Did not taste very much like Bordeaux, more like Cahors, perhaps because of the Malbec, perhaps because the Cahors I drink rarely are oaked to a notable degree. It had not been accepted as a Bordeaux by whoever accepts such things, because of a certain ”nail polish smell”, which had since disappeared completely.

The produceHow it will stand the test of time I know not, I have a bottle in my cellar, promise to tell you in a few years. If you are in any way interested in ‘natural’ wines, and if you are interested in seeing biodynamic stuff actually being used, maybe you should book in a visit at Ch Lamery. The owner speaks English, having had a career in hotel & restauration.

I have written about this producer on the CriteeqVieux Pressoir web site which is hereby recommended to your attention.


Château Lamery
Respect de la Nature et du Terroir – Biodynamie-Vin Naturel
2 route de Gaillard


… the M-word. Finished.

My basic assumption is that a word is used to convey information. If a word is used in an uncommon situation, it should be possible to explain it. If it is not explainable, it does not convey information. If a group of people use the same word and are in agreement of using it, but cannot explain what the word means, their agreement is meaningless, because, how do they know they agree?
I found this Swedish thesis. It’s unfortunately, in Swedish, but, the author, quoting various wine celebrities (Goode and Easton to name the first mentioned), lists the following as mineral aromas: earthiness, petroleum, kerosene, rubber, tar, smoke, stone/steel, lime stone, flint, and wet wool. Oh dear. That is quite a list. It roundly sums up things that in no other circumstances would be considered minerals, e g, wet wool and rubber, and things that, simply put, do not smell (stone, flint, lime stone). It adds things that are less than well-defined such as ‘smoke’. Smoke, as in, smoke from an open fire, differs in smell contingent on what burns. Firwood smoke and birchwood smoke do not smell the same. Burning plastic normally gives a very pungent smoke, that has little in common with smoke from birchwood.
Anyway, by admitting the alleged smell of substances that do not normally occur in bedrock as ‘mineral aromas’, the expression has lost all sense.

Another, again Swedish, text with a fair amount of vehemence claims that, if you do not accept that the ‘minerals’ directly influence the grape juice and resulting wine, you have renounced on the concept of terroir (which is a non sequitur), but, if you do, you may “drink the meagre limestone mountain, the white chalk, the hard granite, and the flakey sunburnt shale”.  Unfortunately, limestone and chalk are both calcium carbonate, an odorless substance, while granite is a composite of quartz (SiO2) and feldspar (various silicates) which are also odorless, while shale is in most cases, yes, odorless. If these things smell, it is because of what has precipitated on them.

Going back to the Swedish thesis, a test is made where a group of professionals taste two wines, blind, one of which allegedly is mineral, one is not. They do identify the mineral one as mineral – they are then interviewed on their perception of minerality (hint: they do not agree). Thesis concludes that wines with high acidity, from Northern, poor (as in, not fertile) vineyards, are more likely to be considered mineral, and, a lack of fruit, particularly exotic fruit. Also, the concept of minerality in wine is a mark of quality (that seems legit – in no report have I seen ‘mineral’ expressed as a pejorative).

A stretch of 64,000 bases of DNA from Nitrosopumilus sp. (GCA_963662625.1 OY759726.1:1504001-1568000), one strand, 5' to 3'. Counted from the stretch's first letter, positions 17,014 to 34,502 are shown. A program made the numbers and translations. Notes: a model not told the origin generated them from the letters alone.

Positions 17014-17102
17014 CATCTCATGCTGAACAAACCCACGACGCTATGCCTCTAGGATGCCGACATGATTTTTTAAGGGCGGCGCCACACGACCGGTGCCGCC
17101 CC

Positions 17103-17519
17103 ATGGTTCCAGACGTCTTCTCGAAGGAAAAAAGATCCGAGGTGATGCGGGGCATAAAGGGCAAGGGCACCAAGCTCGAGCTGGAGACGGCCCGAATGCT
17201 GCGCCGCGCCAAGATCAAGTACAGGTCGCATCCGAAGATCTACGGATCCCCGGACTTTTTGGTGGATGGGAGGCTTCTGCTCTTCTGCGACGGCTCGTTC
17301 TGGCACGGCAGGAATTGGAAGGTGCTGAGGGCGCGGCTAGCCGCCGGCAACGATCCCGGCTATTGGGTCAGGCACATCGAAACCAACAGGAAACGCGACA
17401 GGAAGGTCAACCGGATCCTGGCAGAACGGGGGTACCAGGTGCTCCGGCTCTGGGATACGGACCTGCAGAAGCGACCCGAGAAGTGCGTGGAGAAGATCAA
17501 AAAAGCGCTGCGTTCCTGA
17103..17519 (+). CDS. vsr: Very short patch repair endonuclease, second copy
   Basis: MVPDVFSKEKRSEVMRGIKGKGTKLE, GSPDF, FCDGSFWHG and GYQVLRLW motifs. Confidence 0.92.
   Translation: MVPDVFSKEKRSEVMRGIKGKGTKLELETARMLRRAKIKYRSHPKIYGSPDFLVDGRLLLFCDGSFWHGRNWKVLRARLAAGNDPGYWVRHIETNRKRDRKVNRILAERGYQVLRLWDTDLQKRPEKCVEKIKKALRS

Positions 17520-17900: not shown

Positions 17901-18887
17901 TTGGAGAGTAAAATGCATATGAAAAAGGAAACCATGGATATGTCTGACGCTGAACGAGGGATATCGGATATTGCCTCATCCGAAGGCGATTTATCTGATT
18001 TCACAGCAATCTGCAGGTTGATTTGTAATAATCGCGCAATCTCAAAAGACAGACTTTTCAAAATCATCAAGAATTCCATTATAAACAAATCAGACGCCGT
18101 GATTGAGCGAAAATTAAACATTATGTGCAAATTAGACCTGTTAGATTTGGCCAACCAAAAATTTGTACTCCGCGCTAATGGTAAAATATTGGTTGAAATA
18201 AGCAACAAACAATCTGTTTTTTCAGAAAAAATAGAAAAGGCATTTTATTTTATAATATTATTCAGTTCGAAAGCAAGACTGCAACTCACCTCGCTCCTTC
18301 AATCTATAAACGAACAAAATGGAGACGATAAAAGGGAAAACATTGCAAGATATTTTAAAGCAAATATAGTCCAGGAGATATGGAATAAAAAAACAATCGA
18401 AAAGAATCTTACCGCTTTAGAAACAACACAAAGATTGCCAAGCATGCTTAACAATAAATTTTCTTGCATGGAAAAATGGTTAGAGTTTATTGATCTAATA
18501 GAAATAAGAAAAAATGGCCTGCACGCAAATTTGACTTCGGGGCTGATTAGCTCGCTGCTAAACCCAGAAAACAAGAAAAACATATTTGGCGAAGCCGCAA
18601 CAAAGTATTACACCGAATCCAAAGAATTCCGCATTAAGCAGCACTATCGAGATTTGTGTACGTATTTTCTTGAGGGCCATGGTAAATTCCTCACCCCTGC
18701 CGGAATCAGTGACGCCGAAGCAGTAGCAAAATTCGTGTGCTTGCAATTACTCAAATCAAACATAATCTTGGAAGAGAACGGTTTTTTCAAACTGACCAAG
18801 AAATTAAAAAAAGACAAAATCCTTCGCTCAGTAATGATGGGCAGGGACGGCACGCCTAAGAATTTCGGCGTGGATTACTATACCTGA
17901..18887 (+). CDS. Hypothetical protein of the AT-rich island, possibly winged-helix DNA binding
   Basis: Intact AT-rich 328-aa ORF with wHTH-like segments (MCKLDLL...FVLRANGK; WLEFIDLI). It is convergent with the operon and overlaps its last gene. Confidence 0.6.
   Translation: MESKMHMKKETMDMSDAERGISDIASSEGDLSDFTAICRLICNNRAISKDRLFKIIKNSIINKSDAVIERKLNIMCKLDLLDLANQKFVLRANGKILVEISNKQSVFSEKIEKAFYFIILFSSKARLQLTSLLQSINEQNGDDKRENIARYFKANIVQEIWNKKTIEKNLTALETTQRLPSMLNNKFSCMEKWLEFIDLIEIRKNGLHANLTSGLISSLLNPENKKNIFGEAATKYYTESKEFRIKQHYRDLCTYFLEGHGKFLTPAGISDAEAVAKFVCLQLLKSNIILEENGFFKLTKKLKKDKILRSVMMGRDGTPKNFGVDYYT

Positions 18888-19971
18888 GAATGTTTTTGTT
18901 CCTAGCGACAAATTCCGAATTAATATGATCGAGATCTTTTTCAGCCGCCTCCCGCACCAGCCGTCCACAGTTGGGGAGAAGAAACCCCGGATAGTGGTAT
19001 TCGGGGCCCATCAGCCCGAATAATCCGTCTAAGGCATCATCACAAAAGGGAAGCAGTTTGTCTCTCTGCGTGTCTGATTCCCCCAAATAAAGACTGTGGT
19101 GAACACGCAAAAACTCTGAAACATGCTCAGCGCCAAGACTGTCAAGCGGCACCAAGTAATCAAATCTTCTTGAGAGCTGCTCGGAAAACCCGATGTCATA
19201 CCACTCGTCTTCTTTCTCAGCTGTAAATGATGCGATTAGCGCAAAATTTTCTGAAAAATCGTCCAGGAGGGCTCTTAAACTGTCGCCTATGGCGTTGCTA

This is when I stumble on a real, scientific method, deep dive into what might be minerality. A Spanish group has worked on 17 wines, considered to be mineral, and made actual analyses on what might be the compounds in them that give the expression of mineral. Not only that, they have then used this information and tweaked alcoholic beverages, using the same compounds, and investigated these (using two groups of tasters) for their expression of minerality.

This was interesting: dividing the prime suspects into three groups, “Routine parameters”, “Pre-fermentative aromas”, and “Aging aromas”, a total of twelve substances were grouped. Of these, high acidity, SO2, and succinic acid, made up the first group.  Does this in any way relate to terroir? Answer, in my opinion, is yes. Terroir is not only the bedrock on which the vineyard rests. Terroir is, and here I will quote “Gouttes des Dieu”, “earth, heaven, and man”. I don’t think the incumbent Chapoutier is the only one to say so, but, “without man, there is no terroir”. Succinic acid certainly is dependent on both local traditions (degree of turbidity in the fermenting juice), local yeast, and available nitrogen in the fermenting juice. Less nitrogen, more succinic acid, apparently, all else being equal.
The article also gives credence to Hugh Johnson’s hypothesis, that minerality is related to SO2.  I found the book, by the way, but then misplaced it again.
The remaining compounds are all carbon based substances, esters, alcohols, others. Some come from the unfermented juice, some apparently derive from cellaring. While doubtless the soil and climate will influence the content of aromatics in the grape juice, none of these can be traced back to pieces of rock in the ground. None of them.

While I really like the way the researchers have gone about their work, I would prefer that somebody who knows his/her statistics look into the methods used, and the sample sizes. It would of course be even better if somebody independently tried to reproduce the results.

I, for my part, will henceforth refer to a taste enhancing, final salinity, on the tongue, as ‘mineral’, with the tacit assumption that what I really taste is succinic acid.

As for the olfactory sensation of minerality, I will bow to Dubourdieu’s usage.

Finished with the M-word.